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Deer hunt a bust, but did get 5 fat cottontails

Discussion in 'Uncategorized Threads' started by Brian in Oregon, Oct 12, 2008.

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  1. Brian in Oregon

    Brian in Oregon Well-Known Member

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    The cottontails are finally back in huntable numbers in western Oregon. Sean and I bagged five nice fat ones. None were small or scrawny. Don't have an oven right now as we're doing a kitchen remodel. Will probably have to grill them on the BBQ. We used our 1187 12ga with full choke and #6 birdshot. These rabbits were skittish, so they had to be shot at a distance. One was close enough that I just put most of the pattern into the ground in front of him and let the periphery pellets do the job. Disappointed that the #6 shot did not totally penetrate. Will have to pull a few pellets out of the meat. Probably should have used #4 shot.
     
  2. cubancigar2000

    cubancigar2000 Well-Known Member

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    Good to see the numbers are gowing. Back in the 50's and 60's in Indiana I could shoot all I wanted any day I wanted to go. I like them fried like chicken with mash tators and gravy, nothing better. We had what was called a Rabbit feaver risk back then and only shot what ran because if they did not, they may be sick? I hope that is not an issue now?
     
  3. Bruce Specht

    Bruce Specht Well-Known Member

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    We can hold a hunt in my back yard damn cotton tails are every where! local police will frown, but to bad if they can't take a joke
     
  4. Gold E

    Gold E TS Member

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    Stuff with Zatarain’s dirty rice, sew the cavity closed, and put ‘em on the pit. Cook medium slow; baste with a somewhat sweet sauce toward the end.

    Yummo.
     
  5. shot410ga

    shot410ga Well-Known Member

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    Fried Rare-Bit.............YUM
     
  6. RogerNRA

    RogerNRA TS Member

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    Fried rabbit, fried potatoes, and milk gravy. That's liven high on the hog................Roger
     
  7. cubancigar2000

    cubancigar2000 Well-Known Member

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    Bruce - a good pellet rifle will work
     
  8. Bruce Specht

    Bruce Specht Well-Known Member

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    Cuban I'm busy shooitng tree rats(Squirrels) with the pelt gun.
     
  9. bill1949

    bill1949 Well-Known Member

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    Mmmmmm, wabbits are tasty!...Bill
     
  10. sammyd95

    sammyd95 TS Member

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    plenty in my yard also,the rws-34 works great!
     
  11. BIGDON

    BIGDON Well-Known Member

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    Another good thing the Liberals don't know about.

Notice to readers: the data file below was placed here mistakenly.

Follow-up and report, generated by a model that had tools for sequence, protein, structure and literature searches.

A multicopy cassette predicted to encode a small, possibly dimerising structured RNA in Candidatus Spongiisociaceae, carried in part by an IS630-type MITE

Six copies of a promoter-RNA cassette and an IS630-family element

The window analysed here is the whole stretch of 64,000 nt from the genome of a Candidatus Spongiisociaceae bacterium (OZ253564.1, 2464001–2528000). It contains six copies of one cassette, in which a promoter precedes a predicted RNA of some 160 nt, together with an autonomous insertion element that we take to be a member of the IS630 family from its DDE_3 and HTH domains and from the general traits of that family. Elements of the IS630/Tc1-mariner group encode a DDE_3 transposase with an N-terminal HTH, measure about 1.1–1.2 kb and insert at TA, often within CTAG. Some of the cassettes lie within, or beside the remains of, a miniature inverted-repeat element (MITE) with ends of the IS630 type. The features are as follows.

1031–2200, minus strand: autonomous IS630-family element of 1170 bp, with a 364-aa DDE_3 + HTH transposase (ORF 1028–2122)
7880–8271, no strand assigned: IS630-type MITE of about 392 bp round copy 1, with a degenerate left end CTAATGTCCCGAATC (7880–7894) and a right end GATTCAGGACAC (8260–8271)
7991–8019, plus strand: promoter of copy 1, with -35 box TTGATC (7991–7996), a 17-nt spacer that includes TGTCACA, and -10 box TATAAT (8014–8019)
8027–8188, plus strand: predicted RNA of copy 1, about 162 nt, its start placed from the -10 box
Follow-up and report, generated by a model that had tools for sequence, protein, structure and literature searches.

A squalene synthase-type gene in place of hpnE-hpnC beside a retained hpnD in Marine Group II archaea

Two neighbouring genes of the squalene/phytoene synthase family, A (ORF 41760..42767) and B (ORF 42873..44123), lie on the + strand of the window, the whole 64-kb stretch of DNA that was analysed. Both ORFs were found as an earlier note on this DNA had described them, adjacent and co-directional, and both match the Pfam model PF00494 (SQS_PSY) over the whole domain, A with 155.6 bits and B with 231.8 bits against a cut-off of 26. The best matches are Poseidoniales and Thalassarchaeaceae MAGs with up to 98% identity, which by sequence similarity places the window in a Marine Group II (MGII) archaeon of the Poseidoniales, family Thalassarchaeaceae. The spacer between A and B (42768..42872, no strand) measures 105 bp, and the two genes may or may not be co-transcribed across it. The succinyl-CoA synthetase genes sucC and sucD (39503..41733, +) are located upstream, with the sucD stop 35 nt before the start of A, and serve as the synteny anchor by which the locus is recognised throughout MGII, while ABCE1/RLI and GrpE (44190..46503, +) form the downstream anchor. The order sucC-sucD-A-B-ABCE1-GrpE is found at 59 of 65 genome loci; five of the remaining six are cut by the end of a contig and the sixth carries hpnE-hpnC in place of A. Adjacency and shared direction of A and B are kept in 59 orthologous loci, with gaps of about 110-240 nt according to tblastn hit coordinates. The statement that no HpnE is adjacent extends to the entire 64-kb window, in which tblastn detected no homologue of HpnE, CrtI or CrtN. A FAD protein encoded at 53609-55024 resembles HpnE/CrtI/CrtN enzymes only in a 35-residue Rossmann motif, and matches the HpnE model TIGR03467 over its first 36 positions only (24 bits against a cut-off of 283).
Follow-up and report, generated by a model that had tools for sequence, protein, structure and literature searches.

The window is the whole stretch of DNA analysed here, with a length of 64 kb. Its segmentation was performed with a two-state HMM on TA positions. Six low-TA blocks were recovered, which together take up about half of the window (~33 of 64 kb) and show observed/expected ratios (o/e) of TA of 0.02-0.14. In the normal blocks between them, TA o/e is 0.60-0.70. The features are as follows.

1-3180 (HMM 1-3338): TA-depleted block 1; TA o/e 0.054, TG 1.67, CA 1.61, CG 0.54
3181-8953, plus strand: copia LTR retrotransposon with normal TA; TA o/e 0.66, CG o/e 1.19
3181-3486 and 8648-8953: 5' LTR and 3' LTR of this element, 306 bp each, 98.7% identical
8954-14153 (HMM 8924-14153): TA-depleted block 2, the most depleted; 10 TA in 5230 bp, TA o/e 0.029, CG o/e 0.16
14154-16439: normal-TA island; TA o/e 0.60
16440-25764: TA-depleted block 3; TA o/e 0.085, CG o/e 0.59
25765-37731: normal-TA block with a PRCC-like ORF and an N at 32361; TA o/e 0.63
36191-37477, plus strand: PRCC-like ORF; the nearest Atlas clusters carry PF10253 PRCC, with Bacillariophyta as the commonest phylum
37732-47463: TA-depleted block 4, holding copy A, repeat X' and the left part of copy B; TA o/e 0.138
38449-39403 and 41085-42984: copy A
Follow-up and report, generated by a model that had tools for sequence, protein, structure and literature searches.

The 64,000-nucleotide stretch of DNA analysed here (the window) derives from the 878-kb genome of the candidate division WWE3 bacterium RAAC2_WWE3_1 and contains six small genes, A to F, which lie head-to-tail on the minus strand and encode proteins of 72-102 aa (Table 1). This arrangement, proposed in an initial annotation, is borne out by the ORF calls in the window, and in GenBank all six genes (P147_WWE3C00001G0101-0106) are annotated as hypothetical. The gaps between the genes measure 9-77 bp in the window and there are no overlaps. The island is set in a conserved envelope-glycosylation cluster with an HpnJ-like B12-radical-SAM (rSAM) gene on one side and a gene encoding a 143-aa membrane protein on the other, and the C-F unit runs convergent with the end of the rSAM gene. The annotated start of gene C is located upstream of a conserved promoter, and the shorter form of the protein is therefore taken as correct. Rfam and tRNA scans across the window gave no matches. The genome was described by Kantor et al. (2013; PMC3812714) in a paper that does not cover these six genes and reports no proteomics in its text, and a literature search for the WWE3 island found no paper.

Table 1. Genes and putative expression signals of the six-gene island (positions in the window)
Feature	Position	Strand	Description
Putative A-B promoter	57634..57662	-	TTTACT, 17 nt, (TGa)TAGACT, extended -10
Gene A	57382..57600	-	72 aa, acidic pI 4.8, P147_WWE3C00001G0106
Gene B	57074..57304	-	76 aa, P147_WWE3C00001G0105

Don
     
  12. Shooting Coach

    Shooting Coach Well-Known Member

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    Venison tates better, but a Cotton Tail Stew is pretty good. What was said about dragging them back to camp? LOL
     
  13. Recoil Sissy

    Recoil Sissy Well-Known Member

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    cubancigar2000:

    The rabbit fever you make reference to is tularemia. It is a major league nasty. So bad in fact some of the world's mad scientist type bad guys have tried to weaponize it.

    Tularemia is caused by a bacterium and most commonly spread in wildlife via biting insects including fleas*, ticks, lice, mosquitos, any of the biting flies, etc. The disease is common in jack rabbits, cotton tails, even snowshoe hares. It affects beavers, ground squirrels and a variety of other mammals and has been isolated in some raptors.

    The most common means of rabbit to human transmission occurs when someone is dressing a rabbit. However, transmission is possible from eating an inadequately cooked bunny. As domestic diva Martha Stewart might say, "Rubber gloves and thorough cooking are GOOD things".

    sissy

    * When I shoot a healthy looking cotton tail that has fleas, I allow it to cool off. Fleas abandon the cooling carcass looking for another warm host. I want them gone before I put the bunny in my hunting coat.
     
  14. 22hornet

    22hornet Well-Known Member

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    Tularemia in bunnies is common here in Central California. Recoil Sissy gives good advice. Take a look at the rabbit's liver when you gut him. If it is yellowish or spotted, it probably has tularemia. Don't handle the innards, and cook 'em thoroughly.

    That being said, we enjoy rabbit often in season. Fried rabbit, mashed taters, white gravy with lots of pepper,salad and warm biscuits. MMMMM
     
  15. Brian in Oregon

    Brian in Oregon Well-Known Member

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    I had my son use rubber kitchen gloves to dress the rabbits. Not the thin latex medical gloves that tear easily, but heavy duty ones for scrubbing pots and pans in super hot water. And the rabbits looked fine. But as with all wild game meat (and pork) we will cook it thoroughly.
     
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